Compared to an English yew bow, the Asian and Turkish bows were significantly more effective – the record shot using a Turkish flight bow was a whopping 900 yards.
Types of Medieval Archer Weapons
Depending on the nation, time, and purpose, medieval archers used a range of weapons, most of which were:
Recreation of a medieval archer using a longbow
Image by Alessandro Squassoni from Pixabay
The longbow was designed to be tall – around as tall as the user itself – enabling the archer to take a long draw.
The limbs of a longbow are relatively narrow so that they are D-shaped or circular in cross-section. Compared to the bow and arrow, the longbow was able to launch arrows faster.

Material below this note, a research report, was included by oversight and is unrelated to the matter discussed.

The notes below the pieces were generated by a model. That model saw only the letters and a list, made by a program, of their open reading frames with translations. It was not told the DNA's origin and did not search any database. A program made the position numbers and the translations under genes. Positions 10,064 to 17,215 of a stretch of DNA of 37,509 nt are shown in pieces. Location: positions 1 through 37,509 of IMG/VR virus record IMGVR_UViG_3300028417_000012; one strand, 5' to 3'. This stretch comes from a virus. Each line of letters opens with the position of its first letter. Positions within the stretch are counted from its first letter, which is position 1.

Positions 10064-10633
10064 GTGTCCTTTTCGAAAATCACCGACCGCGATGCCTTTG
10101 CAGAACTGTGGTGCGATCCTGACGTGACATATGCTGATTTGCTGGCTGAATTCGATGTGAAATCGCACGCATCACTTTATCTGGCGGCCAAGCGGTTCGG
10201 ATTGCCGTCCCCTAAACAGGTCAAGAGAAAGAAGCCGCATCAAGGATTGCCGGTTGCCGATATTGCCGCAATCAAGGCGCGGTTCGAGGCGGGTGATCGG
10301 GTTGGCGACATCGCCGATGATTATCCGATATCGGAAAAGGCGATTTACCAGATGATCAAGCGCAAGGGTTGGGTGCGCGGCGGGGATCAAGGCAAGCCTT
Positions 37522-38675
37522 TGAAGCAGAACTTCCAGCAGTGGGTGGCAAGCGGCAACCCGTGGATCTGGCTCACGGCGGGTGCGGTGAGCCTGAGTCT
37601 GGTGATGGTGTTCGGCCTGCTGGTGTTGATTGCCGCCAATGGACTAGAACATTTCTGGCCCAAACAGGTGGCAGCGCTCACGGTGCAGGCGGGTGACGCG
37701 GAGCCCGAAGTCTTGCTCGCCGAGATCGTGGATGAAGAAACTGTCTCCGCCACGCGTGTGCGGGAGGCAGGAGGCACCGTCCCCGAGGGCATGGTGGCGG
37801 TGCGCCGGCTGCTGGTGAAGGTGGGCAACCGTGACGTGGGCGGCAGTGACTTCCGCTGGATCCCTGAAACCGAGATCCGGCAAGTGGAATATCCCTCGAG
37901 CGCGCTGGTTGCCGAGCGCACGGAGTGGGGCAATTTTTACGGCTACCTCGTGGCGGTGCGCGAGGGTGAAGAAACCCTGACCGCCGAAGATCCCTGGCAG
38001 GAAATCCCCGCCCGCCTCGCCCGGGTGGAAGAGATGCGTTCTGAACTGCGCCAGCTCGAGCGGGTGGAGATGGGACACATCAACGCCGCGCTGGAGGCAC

However, at the same time, it required extra skill and training. A skilled longbow man was able to release around 10-13 arrows per minute.
From the 14th century until the introduction of firearms, the longbow was the primary weapon for English armies.
The weapon was particularly effective against opponents who used plate armors, and a longbowman could shred the armor of a knight at ranges that exceeded 250 yards.
A bowstring is a series of strings that connects the ends of the bow stave and launches the arrow. A good bowstring should be strong, lightweight, and resistant to water and abrasion.
It was usually made of three strings of hemp.
A middle ages Crossbow, in an exhibition of the Armed Forces Museum of Norway
Wolfmann, CC BY-SA 4.0, via Wikimedia Commons
A ranged weapon, a crossbow uses an elastic launching device that works like the bow. The crossbow was easy to use and did not require much training or skill.
However, it could only shoot a couple of bows per minute – although it had a decent range of between 400 and 500 metres.